Jeremy Lin Wasn't First TIme Knicks And Houston Rockets Have Crossed Paths: A History of Trades

 IBTimes Staff Reporter  on August 27 2012 11:50 PM

  There are few things funnier than this late July story about Knicks GM Glen Grunwald refusing to open his Las Vegas hotel door because a Houston official was waiting on the other side with the Jeremy Lin offer sheet. In Grunwald's defense, this incident apparently happened only a few hours after the Knicks GM completed a trade with the Rockets to get back former Knick, Marcus Camby. Listen, I'd go into hiding too if I traded away Toney Douglas to a person who not only knew where I lived, but would also soon realize, "I started the off-season with Goran Dragic and Kyle Lowry as my two point guards. Now, my backcourt belongs to this guy."

  No, Houston wanted to chat with Grunwald about one of his other soon-to-be former point guards, and the GM pulled a move usually reserved for classic, fourth-quarter Carmelo: he isolated himself. He was essentially a ghost, off-the-grid, missing like one of J.R. Smith's ill-fated playoff threes. It's likely he wasn't passed out on his hotel rooftop as Rockets GM Daryl Morey and Bradley Cooper frantically tried to find him. However, is it utterly out of the question that Grunwald was, well, I don't know, enjoying Las Vegas instead of sitting in his room, watching television from a provider that doesn't blackout its own fans and avoiding room service food that could have cost just as much as Lin's backloaded, Year 3 salary? He wasn't in Oklahoma City; he was in Sin City, where the most recognizable Knick playing in the summer league was J.R.'s brother, Chris SmithChris probably wasn't exactly pulling out moves like his big bro (even though the Knicks did eventually sign him). So, let's not assume Grunwald was just hiding under his bed, teary-eyed, clutching a signed, #4 Harvard jersey, singing this song, and hoping that the big, bad Houston Rockets guy at his door would just throw out that garbage offer sheet where it belonged.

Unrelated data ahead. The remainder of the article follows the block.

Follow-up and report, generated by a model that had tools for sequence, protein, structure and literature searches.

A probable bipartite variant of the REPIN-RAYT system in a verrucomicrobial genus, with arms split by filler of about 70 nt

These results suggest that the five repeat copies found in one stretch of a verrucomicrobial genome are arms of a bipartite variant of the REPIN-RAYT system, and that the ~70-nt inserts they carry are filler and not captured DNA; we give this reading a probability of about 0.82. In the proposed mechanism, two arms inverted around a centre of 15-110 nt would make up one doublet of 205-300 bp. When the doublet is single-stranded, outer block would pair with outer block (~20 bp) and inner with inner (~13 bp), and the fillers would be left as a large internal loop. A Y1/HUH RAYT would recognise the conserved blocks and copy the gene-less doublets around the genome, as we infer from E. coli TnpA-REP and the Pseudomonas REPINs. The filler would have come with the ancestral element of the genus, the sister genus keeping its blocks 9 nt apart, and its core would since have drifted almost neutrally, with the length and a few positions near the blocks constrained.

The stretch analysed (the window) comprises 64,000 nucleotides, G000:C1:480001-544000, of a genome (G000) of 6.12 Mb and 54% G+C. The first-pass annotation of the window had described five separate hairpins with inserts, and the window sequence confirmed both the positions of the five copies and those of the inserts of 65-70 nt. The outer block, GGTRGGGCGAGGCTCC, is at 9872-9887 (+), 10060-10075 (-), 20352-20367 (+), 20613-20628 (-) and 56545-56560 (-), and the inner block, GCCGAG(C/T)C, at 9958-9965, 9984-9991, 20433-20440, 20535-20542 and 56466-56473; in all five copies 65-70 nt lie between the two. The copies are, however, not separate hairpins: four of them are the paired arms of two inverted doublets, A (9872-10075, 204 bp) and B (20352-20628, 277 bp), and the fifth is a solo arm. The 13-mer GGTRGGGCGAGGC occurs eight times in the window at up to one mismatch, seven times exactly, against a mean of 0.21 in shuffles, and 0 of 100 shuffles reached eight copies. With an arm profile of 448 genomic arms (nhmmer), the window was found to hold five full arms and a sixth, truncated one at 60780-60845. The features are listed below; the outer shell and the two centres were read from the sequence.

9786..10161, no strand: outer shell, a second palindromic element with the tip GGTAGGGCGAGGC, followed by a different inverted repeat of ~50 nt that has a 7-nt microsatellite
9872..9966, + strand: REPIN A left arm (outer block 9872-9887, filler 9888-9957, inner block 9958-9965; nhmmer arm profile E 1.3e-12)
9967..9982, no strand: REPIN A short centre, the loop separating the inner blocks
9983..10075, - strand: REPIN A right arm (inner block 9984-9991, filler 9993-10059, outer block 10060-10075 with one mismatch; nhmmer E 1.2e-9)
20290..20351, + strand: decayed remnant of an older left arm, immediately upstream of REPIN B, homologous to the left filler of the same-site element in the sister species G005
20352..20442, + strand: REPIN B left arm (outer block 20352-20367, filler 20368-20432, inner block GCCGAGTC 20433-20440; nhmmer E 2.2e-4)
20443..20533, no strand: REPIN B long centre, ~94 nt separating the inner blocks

Recently, I reviewed the trade history between the Knicks and the Rockets over the last decade. Perhaps Grunwald was right to avoid Houston; had the Rockets been subtly getting the better end of deals with New York for the past ten years? Let's analyze: 

February 18, 2010: Houston receives Jordan Hill, Jared Jeffries, and a future 1st round pick; New York receives Tracy McGrady. The Kings also played a part in this deal, and there were a lot of other players involved as well, including future Rockets centerpiece (and almost 2012 Hornet), Kevin Martin, and Sergio Rodriguez, who had a pretty brief yet nice stint for New York. McGrady's main contribution to the Knicks was his pricey contract that came off the books after the 2010 season and freed up money for NY's eventual run at LeBron, err, Amare. Jordan Hill, one of Donnie Walsh's questionable draft picks at #9 in 2010 over Brandon Jennings, never really developed his raw game with the Rockets. He was eventually traded to L.A. this year for Derek Fisher, where Hill would both improve and turn violent. The future 1st round pick that the Knicks dealt to the Rockets was for this year's draft; Houston used it on airplane hater and, at the time, potential Dwight Howard trade chip, Royce White. Jared Jeffries eventually came home to the Knicks about two years after this deal, and McGrady's massive expiring contract did help New York land their two current all-stars, Carmelo and Amare. We don't know what Royce White is capable of yet, but the fact that we're really anxious to find out probably makes him nervous. Edge: Knicks.